The French oil firm says the name change will underscore its transition towards clean energy as it targets net-zero emissions by 2050
French oil major Total plans to rebrand as TotalEnergies, in a move it says will underscore its shift towards cleaner energy over the coming decade and its long-term goal of reaching net-zero emissions by 2050.
Sales of oil products in the company’s business are expected to fall over the next ten years from 55% to 30%, with future energy growth focused on liquefied natural gas (LNG) and renewables.
The name change will be proposed to shareholders at an annual general meeting on 28 May, giving them opportunity to “endorse this strategy and the underlying ambition to transition to carbon neutrality”.
The announcement comes as Total reported a 66% drop in adjusted full-year earnings for 2020 to $4.1bn, reflecting the pandemic-triggered market shocks that sustained low fuel demand and crude prices throughout most of the year.
Including accounting charges and exceptional asset impairments – largely taken on Canadian oil sands projects earlier in the year – the group posted a $7.2bn net loss for 2020.
Rivals BP, Shell, Exxon and Chevron have all reported multibillion-dollar full-year losses of their own in recent days, underlining a devastating year for the global oil industry.
For the fourth quarter of 2020, Total’s adjusted earnings were down 59% year-on-year to $1.3bn, although outperformed analyst expectations and showed improvement from the third-quarter result of $848m.
Total’s chief executive Patrick Pouyanné said “strong discipline on investments and costs” had helped the company maintain resilience during the year.
“Total faced two major crises in 2020 – the Covid-19 pandemic that severely affected global energy demand, and the oil crisis that drove the Brent price below $20 per barrel in the second quarter,” he added.
“In this particularly difficult context, the group implemented an immediate action plan and proved its resilience thanks to the quality of its portfolio and its integrated model with cash flow generation of nearly $18bn.”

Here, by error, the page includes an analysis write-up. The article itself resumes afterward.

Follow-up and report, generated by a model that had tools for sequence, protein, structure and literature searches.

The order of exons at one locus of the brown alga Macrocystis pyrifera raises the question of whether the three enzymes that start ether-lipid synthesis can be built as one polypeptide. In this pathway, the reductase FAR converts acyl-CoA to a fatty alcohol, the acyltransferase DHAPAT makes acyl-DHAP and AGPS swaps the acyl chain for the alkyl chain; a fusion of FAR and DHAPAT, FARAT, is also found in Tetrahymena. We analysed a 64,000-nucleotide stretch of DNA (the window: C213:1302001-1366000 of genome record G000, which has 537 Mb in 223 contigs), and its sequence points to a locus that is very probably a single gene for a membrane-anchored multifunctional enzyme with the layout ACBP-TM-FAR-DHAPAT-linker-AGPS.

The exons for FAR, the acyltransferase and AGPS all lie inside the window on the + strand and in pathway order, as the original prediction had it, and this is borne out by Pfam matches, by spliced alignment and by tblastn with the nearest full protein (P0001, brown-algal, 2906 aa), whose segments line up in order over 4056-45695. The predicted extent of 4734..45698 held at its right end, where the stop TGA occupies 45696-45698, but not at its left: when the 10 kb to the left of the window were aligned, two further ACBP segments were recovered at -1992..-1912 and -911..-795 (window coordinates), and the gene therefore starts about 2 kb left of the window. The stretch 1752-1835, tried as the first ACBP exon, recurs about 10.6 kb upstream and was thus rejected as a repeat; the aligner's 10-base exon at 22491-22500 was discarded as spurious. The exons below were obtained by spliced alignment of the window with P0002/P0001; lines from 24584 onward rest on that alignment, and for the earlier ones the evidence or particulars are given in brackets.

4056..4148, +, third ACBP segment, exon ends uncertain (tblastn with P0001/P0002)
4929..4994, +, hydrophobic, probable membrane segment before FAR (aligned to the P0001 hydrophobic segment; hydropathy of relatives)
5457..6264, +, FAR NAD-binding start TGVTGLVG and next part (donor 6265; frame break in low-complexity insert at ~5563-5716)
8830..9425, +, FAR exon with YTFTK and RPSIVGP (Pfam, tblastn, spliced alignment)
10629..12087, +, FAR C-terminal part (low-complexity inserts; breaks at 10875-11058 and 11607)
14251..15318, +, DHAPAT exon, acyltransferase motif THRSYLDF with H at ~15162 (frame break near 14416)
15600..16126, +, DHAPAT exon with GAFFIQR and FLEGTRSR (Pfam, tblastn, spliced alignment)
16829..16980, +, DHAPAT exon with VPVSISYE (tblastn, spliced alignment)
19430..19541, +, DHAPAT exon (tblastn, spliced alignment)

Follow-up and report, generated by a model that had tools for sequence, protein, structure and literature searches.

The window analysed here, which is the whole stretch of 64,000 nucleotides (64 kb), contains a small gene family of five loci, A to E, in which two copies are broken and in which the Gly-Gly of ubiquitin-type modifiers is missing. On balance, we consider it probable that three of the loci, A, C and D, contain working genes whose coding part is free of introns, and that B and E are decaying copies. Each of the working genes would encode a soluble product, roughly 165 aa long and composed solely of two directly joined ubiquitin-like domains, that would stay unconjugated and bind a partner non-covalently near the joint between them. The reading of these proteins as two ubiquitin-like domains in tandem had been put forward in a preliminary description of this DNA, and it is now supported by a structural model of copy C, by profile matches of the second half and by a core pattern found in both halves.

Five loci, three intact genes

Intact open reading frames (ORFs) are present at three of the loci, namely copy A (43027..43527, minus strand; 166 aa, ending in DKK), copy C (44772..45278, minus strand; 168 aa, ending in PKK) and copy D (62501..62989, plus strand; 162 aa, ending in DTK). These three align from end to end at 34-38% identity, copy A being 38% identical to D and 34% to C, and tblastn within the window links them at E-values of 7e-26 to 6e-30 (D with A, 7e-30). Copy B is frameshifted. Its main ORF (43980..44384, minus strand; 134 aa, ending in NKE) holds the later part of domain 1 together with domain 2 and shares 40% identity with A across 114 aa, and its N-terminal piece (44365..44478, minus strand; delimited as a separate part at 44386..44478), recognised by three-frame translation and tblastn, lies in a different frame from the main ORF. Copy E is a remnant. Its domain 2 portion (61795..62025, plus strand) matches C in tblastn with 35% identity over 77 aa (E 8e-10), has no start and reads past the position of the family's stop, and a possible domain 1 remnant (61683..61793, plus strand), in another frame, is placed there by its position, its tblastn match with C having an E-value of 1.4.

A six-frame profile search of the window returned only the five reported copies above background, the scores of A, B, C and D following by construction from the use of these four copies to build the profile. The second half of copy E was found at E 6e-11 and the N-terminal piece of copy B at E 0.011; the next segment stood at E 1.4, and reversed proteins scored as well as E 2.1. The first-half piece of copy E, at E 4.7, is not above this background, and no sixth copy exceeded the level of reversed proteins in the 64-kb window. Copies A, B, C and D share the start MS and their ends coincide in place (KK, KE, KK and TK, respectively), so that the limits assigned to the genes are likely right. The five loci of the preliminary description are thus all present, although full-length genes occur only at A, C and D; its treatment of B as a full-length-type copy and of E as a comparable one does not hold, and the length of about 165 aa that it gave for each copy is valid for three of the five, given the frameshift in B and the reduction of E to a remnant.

The company confirmed plans to maintain its final dividend of the year at $0.66 per share, equal to the previous three quarters.
TotalEnergies rebrand follows up growing investment focus on renewables and electricity
In May, Total launched a major strategic overhaul focused on transitioning away from its historical focus on oil production in favour of low-carbon assets and achieving net-zero emissions by mid-century.
It has since made a series of investments in clean-energy projects, most recently including a $2.5bn acquisition of a stake in India’s Adani Green Energy as well as successful bids for seabed leasing rights to develop offshore wind capacity in the UK, in partnership with Macquarie’s Green Investment Group.
Last month, the company quit the American Petroleum Institute (API) trade organisation, citing “divergences” between the pair’s positions on climate change.
For the year ahead, Total plans to direct 20% of its $12bn capital budget into renewables and electricity projects.
Capital spending was reduced industry wide last year in response to the financial constraints of low oil prices and depressed fuel demand. However, crude markets have shown signs of recovery in recent weeks, with Brent above $50 per barrel since the start of the year and yesterday edging above $60 per barrel for the first time since January 2020.
Total said it is “preserving the flexibility to mobilise additional investments should the oil and gas environment strengthen”.